Art & Architecture in Seoul
Focusing on elements that reflect both the essence of Korea’s past as well as modern influences and transformation, Korean architect Choi Wook will guide participants on a walking tour through specific areas of Seoul. The old city of Seoul is located north of the Han River, where residential districts surround the main palaces at the heart of the city’s original fortress, now long gone. We will visit the areas surrounding Kyongbok Palace such as Samcheongdong and Insadong where the old traditional houses in the alleys still retain their original shape and form although many have been retrofitted with modern amenities and aesthetics. Included in the program is a visit to the newly established Korean Furniture Museum which houses the most extensive traditional Korean furniture collection that is exhibited in a traditional structure built with much of its timber and materials recycled from demolished houses. We will also visit Kilsangsa temple, a city Buddhist temple with a modern organic Zen room built by a Zen monk.
South of the Han River is the newly developed part of the city with sprawling high rises and commercial buildings that have created a boom in Seoul’s real estate market since the 80’s. Districts such as Dosan Park and Apkujungdong evolve under commercial demands to showcase contemporary architecture and interiors. Along with its own signature collections, the unique Hermes House, the first art and boutique center in the world established by the Paris-based House of Hermes, features collections from contemporary Korean artists and designers. Horim Art Museum exhibits a range of artists, both contemporary and otherwise, in a new, modern structure.
The last decade has witnessed a giant leap in Korea’s contemporary art scene not only because of its own crop of new contemporary artists but also from its impact on the world stage of art sales and auctions in both volume and scope. Korea’s art market is soaring on the sales of native artists and world-renown artists. The highlight is a visit to the Leeum Museum that is designed in three parts by Rem Koolhaas, Jean Nouvel and Mario Batta, housing an extensive collection of masterpieces, ranging from traditional and modern Korean art to international art. Included in the walking tour are some of the most prominent contemporary art galleries in Seoul, namely Seomi and Tuus, Hyundai Gallery, Gana Arts and Kukje Gallery.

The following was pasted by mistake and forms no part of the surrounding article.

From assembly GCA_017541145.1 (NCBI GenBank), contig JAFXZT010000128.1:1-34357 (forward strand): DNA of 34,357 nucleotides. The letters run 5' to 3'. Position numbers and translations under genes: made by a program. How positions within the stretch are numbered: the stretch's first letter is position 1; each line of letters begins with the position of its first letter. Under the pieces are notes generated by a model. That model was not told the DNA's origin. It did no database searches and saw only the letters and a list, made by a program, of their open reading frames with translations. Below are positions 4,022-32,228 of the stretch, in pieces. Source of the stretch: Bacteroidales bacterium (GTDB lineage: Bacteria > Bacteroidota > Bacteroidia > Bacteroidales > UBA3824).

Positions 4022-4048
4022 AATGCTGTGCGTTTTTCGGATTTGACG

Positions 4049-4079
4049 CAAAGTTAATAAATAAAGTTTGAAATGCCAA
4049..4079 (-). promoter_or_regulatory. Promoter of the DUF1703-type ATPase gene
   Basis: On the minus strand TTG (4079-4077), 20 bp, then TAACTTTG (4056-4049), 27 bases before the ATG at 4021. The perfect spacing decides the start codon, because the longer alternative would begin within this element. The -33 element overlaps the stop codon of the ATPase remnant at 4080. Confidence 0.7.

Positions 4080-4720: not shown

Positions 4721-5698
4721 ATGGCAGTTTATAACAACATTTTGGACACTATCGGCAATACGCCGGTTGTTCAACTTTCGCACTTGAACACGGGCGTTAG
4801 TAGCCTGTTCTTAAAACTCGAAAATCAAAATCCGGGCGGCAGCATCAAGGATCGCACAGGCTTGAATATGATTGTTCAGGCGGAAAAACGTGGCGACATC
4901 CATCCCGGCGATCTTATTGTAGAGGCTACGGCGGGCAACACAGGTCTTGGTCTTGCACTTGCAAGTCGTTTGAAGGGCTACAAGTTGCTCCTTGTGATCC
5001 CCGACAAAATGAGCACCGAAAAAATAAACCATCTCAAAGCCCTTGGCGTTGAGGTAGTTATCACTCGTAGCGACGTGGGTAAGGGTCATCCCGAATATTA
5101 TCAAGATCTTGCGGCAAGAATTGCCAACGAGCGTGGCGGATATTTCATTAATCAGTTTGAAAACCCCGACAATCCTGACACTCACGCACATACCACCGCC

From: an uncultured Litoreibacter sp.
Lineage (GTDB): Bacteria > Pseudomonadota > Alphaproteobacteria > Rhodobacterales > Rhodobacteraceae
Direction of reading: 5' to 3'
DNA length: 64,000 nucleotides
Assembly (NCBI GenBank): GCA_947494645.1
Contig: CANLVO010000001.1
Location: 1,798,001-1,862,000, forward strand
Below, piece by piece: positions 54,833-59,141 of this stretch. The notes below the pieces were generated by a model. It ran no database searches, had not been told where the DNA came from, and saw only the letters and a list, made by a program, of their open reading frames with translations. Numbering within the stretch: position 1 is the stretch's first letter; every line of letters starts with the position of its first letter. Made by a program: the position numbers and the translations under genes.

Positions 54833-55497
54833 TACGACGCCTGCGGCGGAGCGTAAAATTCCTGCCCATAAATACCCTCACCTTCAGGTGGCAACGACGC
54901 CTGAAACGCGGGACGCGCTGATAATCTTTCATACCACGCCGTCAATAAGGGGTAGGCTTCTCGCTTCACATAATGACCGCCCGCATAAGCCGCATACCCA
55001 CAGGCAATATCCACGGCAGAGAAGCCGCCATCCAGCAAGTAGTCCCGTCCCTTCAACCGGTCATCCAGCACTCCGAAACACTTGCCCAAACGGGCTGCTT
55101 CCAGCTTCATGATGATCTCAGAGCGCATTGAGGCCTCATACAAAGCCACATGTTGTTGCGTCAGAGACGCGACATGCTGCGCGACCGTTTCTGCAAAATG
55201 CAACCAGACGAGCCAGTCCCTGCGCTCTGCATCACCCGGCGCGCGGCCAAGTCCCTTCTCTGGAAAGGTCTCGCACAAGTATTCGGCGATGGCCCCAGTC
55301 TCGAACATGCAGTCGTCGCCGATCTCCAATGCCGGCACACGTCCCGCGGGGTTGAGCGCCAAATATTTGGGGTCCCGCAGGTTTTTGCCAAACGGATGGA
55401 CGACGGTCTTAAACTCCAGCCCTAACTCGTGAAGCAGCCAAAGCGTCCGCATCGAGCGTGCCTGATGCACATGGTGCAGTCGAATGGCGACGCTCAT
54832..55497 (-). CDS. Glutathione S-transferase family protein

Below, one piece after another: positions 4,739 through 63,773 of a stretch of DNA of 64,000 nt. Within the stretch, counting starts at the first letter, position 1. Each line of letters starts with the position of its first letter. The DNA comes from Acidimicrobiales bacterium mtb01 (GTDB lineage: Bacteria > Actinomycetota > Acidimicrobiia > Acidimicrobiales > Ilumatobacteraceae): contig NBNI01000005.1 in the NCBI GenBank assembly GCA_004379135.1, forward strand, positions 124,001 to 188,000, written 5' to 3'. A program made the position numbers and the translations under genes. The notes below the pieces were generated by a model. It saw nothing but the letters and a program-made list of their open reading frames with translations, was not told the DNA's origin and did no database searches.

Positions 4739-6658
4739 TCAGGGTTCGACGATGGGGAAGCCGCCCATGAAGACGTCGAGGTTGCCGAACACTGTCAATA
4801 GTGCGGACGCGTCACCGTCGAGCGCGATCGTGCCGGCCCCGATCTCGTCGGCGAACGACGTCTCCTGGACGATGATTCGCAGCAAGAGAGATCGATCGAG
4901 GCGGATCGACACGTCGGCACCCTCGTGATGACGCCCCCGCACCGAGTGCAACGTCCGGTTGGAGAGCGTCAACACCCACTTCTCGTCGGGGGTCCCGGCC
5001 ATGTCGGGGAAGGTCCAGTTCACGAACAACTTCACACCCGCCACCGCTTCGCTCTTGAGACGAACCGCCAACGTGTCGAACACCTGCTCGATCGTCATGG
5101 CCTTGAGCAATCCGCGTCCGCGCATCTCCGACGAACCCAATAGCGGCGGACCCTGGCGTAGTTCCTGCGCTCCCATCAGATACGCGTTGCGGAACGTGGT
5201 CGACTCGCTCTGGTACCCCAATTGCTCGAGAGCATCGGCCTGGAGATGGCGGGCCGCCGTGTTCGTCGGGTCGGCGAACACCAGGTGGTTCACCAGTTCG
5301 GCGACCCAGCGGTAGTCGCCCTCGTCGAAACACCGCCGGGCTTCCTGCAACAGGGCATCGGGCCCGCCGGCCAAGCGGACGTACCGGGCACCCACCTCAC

Magoksa Temple and Gongju City
A respite from the excitement of the modern city of Seoul is the overnight stay at the ancient Buddhist temple, Magoksa, in Chungchungnamdo Province. First established in the 7th century, this serene temple has survived intact for centuries in the Taehwasan Mountain. As one of the main temples of the Chogye Order of Korean Buddhism, Magoksa recently built its modern Buddhist Cultural Center where temple stays and Buddhist education programs are held for the appreciation of Korean Zen Buddhist influences on Korean aesthetics. On the second day, a visit to the ancient capital of Baekje, Gongju City, will reveal some of the finest Baekje artifacts that reflect the glorious cultural heritage from this period, which have influenced modern Korean design and crafts.
Heyri Art Village and Paju Book City
A decade ago, a group of innovative and visionary artists, architects and city planners created an ideal community outside Seoul called Heyri Art Village in an area near the 38th Parallel. Their aim was to bring substance and symbolism to a long neglected area, thereby reviving the beauty of its natural surroundings, while freely experimenting with creative structural designs. Participants will spend a day walking through Heyri’s artist community that includes galleries, studios, a library and residential structures. A visit to Paju Book City, an ambitiously planned city full of cutting-edge contemporary architecture developed by some of the major publishing houses in Korea is also on the agenda.
Corrin Chan is a registered architect and a director of Axis of Spin Architecture, a practice that she founded in Hong Kong in 1998. She graduated from the University of Hong Kong with a Bachelor Degree in Architecture and followed with a Master Degree in Architecture from Columbia University. Corrin worked in New York and Hawaii before returning to HK in 1992. She is the recipient of the Asian Cultural Council Grant and the Walter Gropius Medal.
Corrin has organized many architectural forums, exhibitions and competitions. She was the Chairlady of the “100-year Hong Kong Architecture”; Committee and Vice-Chairman of the Hong Kong Architecture Center. For the past few years, her interest in Korean Zen Buddhism led her to visit Korea regularly where she has witnessed much growth and changes.
Kathy Park is a design consultant and a practitioner of Zen Buddhist meditation. She has worked for Commes des Garcons, designed the housewares collection for Dosa Inc., and freelanced as a stylist and art director in London for World of Interiors, Elle Décor, Browns of London and the Cross. One of her vested interests is to develop traditional Korean crafts rooted with spiritual awareness from both tradition and modernity. In 2009, she collaborated with Pippa Small, a London-based jewelry designer-cum-anthropologist and a Survival International Ambassador, to incorporate Buddhist motifs and Korean Shilla Dynasty influences in modern jewelry handmade for the benefit of the charity, Lotus Outreach.
Currently, Kathy lives in Hong Kong, with her husband Andrzej Stec JDPSN, a Zen Buddhist teacher, at Su Bong Zen Monastery. A passionate practitioner of Zen Buddhism, she spends at least three months a year in meditation retreats and is involved in development projects for the Korean Zen community.